“At one point, something came up about a phrase someone had coined on tour. I don’t remember the story, but the phrase was, ‘titties and beer, beer and titties!’ It got a laugh as it was repeated throughout the show.

“During one of those laughs, a man comes up to me, and, in the same sing-song voice the act was using, says, ‘sound boards and…’ and makes a motion like ‘eh?’’. All I could do was stare at him with an ‘I have nothing to say to you’ look and turn to do my job as the band started the next song.

“After the show, he apologized. I really appreciated that, and I’m glad that the situation provided an opportunity to make my boundaries clear.”

“We should take responsibility for and control of our mouths, eyes, and urges,” she continues, “and we would strive to treat each other equally, holding everyone to the same standards of respect and propriety.”

While this was an example of a time Sydney took back control of the situation, this isn’t always a feasible option – especially not for the 1 in 6 American women that aren’t able to stop the harasser in their tracks.

“Sexual shame and intimidation is a real and present force in our society whether you’ve been affected by it or not.” Sydney confides, though she does believe quite distinctly that Austin is a ‘liberal bubble’ that shines more of the necessary spotlight on immoral behaviour than many other cities.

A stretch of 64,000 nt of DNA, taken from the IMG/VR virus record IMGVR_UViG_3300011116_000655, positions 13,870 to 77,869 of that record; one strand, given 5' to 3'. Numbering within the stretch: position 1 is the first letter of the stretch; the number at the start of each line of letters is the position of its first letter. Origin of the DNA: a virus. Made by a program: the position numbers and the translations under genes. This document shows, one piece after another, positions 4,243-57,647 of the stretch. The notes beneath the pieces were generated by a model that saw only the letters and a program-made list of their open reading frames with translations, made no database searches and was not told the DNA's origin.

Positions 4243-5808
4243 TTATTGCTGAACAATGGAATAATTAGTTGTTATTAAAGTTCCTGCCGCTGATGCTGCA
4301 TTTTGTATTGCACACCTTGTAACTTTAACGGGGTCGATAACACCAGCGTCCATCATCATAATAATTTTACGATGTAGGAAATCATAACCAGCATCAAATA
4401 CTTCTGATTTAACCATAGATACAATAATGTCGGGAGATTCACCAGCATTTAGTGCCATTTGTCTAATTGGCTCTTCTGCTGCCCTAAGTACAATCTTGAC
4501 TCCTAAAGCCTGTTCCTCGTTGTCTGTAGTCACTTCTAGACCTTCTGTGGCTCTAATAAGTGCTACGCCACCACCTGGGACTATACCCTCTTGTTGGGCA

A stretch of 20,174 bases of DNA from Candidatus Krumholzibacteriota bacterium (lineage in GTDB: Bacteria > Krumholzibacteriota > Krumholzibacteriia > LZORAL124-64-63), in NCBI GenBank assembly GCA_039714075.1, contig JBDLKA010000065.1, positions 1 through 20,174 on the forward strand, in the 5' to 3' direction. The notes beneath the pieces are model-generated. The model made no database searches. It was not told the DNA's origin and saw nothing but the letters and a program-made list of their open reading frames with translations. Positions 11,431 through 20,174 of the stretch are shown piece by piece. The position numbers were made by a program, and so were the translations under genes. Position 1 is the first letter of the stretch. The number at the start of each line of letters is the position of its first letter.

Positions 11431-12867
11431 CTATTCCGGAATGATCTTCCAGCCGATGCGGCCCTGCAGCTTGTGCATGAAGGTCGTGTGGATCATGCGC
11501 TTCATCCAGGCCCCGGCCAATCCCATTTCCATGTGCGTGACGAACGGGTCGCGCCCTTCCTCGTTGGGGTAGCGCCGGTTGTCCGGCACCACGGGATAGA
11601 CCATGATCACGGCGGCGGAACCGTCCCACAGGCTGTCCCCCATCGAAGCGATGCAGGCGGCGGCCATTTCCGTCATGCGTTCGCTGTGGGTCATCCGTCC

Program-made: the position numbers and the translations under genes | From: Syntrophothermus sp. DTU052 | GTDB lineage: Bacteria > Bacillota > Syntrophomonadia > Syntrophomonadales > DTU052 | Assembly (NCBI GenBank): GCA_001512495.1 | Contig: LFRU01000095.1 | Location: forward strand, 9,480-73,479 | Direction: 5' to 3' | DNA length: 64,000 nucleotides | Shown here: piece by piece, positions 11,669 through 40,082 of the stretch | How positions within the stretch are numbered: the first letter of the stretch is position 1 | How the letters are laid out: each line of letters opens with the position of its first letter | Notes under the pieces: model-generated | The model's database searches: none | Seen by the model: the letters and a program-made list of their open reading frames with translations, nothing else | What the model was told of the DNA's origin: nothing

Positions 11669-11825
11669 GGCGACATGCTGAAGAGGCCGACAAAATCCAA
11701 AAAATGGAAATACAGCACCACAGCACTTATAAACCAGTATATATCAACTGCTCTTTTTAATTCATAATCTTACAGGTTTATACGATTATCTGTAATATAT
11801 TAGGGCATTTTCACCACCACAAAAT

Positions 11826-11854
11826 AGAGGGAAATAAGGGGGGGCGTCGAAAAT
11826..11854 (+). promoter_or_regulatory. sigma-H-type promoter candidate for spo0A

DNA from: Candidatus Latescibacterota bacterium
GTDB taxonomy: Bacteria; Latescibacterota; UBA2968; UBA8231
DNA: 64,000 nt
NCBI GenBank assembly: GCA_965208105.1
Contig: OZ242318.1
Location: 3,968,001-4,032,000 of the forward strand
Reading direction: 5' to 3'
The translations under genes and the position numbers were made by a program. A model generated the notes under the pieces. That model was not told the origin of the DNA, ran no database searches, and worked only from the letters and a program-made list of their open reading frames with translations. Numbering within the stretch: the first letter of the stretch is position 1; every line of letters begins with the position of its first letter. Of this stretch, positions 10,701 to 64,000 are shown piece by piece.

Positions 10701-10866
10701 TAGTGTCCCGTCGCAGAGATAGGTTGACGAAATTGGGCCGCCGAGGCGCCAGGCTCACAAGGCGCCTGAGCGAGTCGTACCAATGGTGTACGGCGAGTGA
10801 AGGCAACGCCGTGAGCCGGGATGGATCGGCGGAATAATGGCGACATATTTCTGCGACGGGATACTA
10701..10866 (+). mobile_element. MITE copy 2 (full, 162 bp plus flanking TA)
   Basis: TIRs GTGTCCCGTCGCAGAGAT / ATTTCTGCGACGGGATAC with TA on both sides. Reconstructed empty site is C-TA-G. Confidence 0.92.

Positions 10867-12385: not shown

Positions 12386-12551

This seems to be the general consensus felt across Austin, with Mariclaire sharing a positive reading of the city as well.

She says; “There isn’t as much of a stigma in Austin on how we should look and act. I feel like I have a lot of freedom of expression here, and most people are on board.

“I don’t really know how to fix the worldview of men and women who are so set in their ways, that they see female artists as products from which to glean money and enjoyment.

“It makes me sad.”

While neither of the women’s list of experiences constitute as sparse, both state that they feel Austin is less forgiving of this kind of behaviour – reassuring considering 45% of American women don’t feel safe to walk home alone, according to Gallup’s annual crime survey.

What we can do;

Mariclaire is adamant that better education in the home and in schools is the way to prevent the behaviour – pre-emptively nipping it in the bud, so to speak while Sydney has a less action-based hope for the future and more of rules to live by;

“We shouldn’t get off on being trolls or feed the discord fire by picking our allies apart for the sake of a trivial argument.

“We shouldn’t say things from behind a screen that we would be uncomfortable saying to a person’s face.

“I think we need to take the conversation away from the internet and into our real lives, in a public and intentional way.”

“We need to unite ourselves.” Sydney continues, “We can’t control the thoughts or actions of other people, but we can set steadfast boundaries and be ready to draw those lines when someone is inappropriate and we need to shake biased perspectives with education and emotional intelligence.

“We need our message to be as strong and articulate as possible to incite action among our powerful ‘public servants’ and replace them if they don’t serve us.”